Tuesday, June 10, 2014

DEMONS WEEK: Music Fit for a Demon


We took an in-depth look into the eye-candy of Demons. Now, let us give a listen to the many sounds of the film. Check out...MUSIC FIT FOR A DEMON! (In Stereo Where Available)

What would Demons  be without the soundtrack to accompany all the blood-splatter and throat-ripping in the film, Demons? Even the quieter moments that serve as filler are much creepier with the right kind of music. Demons  is among the few films that really thrives with its soundscapes. Every song feels perfect for the particular scene that it is playing in Demons. Hell, Demons  kind of introduced me to some of the harder forms of music in my life. Perhaps if I've never seen Demons...would I have become the astute metalhead that I proudly am today? Maybe. Maybe not. Who knows? What I do know is that the Demons  soundtrack kicks all kinds of serious ass! By the by...if it feels like I'm mentioning the name Demons  a lot...it is because I'm going for the record of mentioning the film title Demons  the most in an article about the motion picture Demons. Cool?

Here's a nice little walk down memory lane with neat little photos to help trace the path of all the great music that came from...DEMONS!




The film opens with the main "Demon" theme by Claudio Simonetti. Perhaps the most memorable song from the soundtrack.

The beginning of Rick Springfield's "Walking on the Edge" plays during the early shots of the Metropol's exterior and interior right before the patrons show up for the screening and what an effect it has on the introduction to this iconic theater of evil.

If you listen closely, you can hear Simonetti's "Out of Time" playing faintly in the background as the theater goers enter the lobby of the Metropol.


Motley Crue's "Save Our Souls" plays as the opener for the movie playing in the Metropol theater, which is also from the band's Theater of Pain album. "Home Sweet Home" is one of my favorite Crue songs.

Simonetti's "Killing" serves as the theme to Rosemary's (Geretta Geretta) assault on Ruth (Nicole Tessier) after she is discovered in the restroom with a bad case of demon acne.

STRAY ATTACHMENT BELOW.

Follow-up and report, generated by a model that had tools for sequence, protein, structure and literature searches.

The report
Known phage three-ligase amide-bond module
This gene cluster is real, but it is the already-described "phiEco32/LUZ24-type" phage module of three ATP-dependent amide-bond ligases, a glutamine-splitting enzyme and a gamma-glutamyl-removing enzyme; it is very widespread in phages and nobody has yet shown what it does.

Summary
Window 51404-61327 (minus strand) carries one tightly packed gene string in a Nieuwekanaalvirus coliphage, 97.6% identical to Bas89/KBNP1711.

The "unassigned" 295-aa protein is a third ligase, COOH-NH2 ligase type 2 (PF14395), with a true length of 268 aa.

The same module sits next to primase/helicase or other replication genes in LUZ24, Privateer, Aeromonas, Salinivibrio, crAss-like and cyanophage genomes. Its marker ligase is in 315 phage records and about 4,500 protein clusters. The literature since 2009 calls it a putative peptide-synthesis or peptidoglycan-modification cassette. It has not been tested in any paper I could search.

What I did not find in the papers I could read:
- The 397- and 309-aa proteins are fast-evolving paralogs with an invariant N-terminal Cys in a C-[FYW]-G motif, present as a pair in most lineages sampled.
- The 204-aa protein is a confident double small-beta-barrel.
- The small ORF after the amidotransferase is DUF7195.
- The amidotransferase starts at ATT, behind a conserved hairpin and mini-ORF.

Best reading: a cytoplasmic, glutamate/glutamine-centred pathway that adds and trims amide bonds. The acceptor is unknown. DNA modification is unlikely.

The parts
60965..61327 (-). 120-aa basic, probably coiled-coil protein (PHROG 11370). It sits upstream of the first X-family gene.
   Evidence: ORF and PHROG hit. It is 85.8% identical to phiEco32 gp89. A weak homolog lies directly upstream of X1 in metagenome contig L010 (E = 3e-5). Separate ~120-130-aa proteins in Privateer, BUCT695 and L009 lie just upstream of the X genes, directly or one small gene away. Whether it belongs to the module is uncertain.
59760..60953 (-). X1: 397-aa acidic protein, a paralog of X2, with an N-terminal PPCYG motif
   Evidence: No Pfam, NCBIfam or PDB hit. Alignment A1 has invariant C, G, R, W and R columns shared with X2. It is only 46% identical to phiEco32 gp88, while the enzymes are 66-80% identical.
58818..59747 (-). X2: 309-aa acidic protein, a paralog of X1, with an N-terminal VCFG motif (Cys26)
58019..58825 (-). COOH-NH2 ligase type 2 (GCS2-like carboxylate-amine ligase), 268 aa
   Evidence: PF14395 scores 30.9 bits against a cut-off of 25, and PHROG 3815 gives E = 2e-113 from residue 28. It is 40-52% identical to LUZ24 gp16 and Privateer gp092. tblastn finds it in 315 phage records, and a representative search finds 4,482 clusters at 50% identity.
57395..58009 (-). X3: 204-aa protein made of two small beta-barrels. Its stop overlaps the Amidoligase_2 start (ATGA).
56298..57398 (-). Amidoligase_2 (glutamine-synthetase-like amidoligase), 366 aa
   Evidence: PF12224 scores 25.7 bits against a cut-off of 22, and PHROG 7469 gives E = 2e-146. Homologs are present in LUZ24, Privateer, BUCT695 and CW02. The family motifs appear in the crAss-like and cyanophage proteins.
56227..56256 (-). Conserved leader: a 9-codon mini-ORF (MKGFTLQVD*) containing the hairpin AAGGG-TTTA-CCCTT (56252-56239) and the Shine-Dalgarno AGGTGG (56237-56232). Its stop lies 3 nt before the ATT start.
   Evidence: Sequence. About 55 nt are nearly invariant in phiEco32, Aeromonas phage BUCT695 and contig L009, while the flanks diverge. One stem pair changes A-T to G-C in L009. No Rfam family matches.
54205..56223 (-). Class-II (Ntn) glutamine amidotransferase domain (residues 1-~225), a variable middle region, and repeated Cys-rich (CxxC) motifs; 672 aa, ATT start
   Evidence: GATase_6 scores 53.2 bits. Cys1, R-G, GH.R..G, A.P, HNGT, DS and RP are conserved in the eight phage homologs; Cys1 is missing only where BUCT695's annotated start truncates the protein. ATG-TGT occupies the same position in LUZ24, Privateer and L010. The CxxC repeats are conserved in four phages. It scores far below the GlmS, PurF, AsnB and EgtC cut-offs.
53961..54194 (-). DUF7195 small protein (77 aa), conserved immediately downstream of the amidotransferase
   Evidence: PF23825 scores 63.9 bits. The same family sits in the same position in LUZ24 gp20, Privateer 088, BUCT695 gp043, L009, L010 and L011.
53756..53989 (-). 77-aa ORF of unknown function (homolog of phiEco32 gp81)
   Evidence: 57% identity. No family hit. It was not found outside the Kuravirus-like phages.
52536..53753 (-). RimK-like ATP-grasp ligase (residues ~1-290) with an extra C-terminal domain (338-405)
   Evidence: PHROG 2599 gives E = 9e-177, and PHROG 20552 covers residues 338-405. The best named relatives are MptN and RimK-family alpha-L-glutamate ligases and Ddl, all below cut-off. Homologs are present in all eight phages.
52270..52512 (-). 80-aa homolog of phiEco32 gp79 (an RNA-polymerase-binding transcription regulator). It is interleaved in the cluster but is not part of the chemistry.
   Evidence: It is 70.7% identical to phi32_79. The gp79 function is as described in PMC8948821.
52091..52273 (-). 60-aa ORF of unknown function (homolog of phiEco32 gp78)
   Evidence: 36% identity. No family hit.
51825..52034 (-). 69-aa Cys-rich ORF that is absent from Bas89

Pretty Maids' "Night Danger" accompanies the panic felt by the theater patrons after they witness Ruth turn into a demon. Such a kick ass song. Pretty Maids can still be found touring around the world with its original line-up, releasing their 13th studio album this past March.

Simonetti's "Killing" plays as Tony the pimp (Bobby Rhodes) and the rest of the survivors learn that no one is in the projection room as the movie is still playing in the theater.


Nothing says punk more than Go West's "We Close Our Eyes" as we are introduced to the film's resident punk rock gang. Oh what a goofy group of punk rock gang members. With names like "Ripper", "Baby Pig" and "Hot Dog", one can only laugh at these boneheads.

More "Killing" plays during more demon havoc. Still my favorite of Simonetti's Demons  score.

Simonetti's score also incorporates some soundscapes from "The Evil One" as the surviving patrons learn that..."it's not the movie...it's the theater."

As we are introduced to the "punk rockers" "coke" habits, the tender "Send My Heart" by The Adventures is playing in the background. Another curious choice for this particular scene. I still maintain that they should have gotten some Misfits or Samhain for these scenes.

Billy Idol's "White Wedding" is heard during the "coke" scene. Perhaps the biggest hit of all the songs on the soundtrack.

Simonetti's score can be heard during the iconic image of the demons ascending the staircase.


By the time the main demon emerges from Kathy's back, Simonetti's "Killing" can still be heard. The creature design of this particular demon by Sergio Stivaletti has remained in my nightmares for years after I first watched the film. Something about the characteristics within his eyes just irks me!

The fucking awesome dirt bike scene is paired with Accept's "Fast as a Shark", which is a perfect one-two punch. What can I say about this bigger than life scene? A helicopter crashes through the ceiling and hero George (Urbano Barberini) thrashes through the sea of Demons with his trusty samurai swords. It's also interesting to note that "Fast as a Shark" can also be heard in the 2012 film...People Like Us. Not as memorable as Demons.

Saxon's "Everybody Up" plays during the apocalyptic scene in the third act as our heroes witness the streets of Berlin overrun by demons. A perfect choice for the scene. The band Saxon is set to go on tour this October.

We end the film as we started...with Simonetti's "Demon" theme






Thanks for reading,

bryan.




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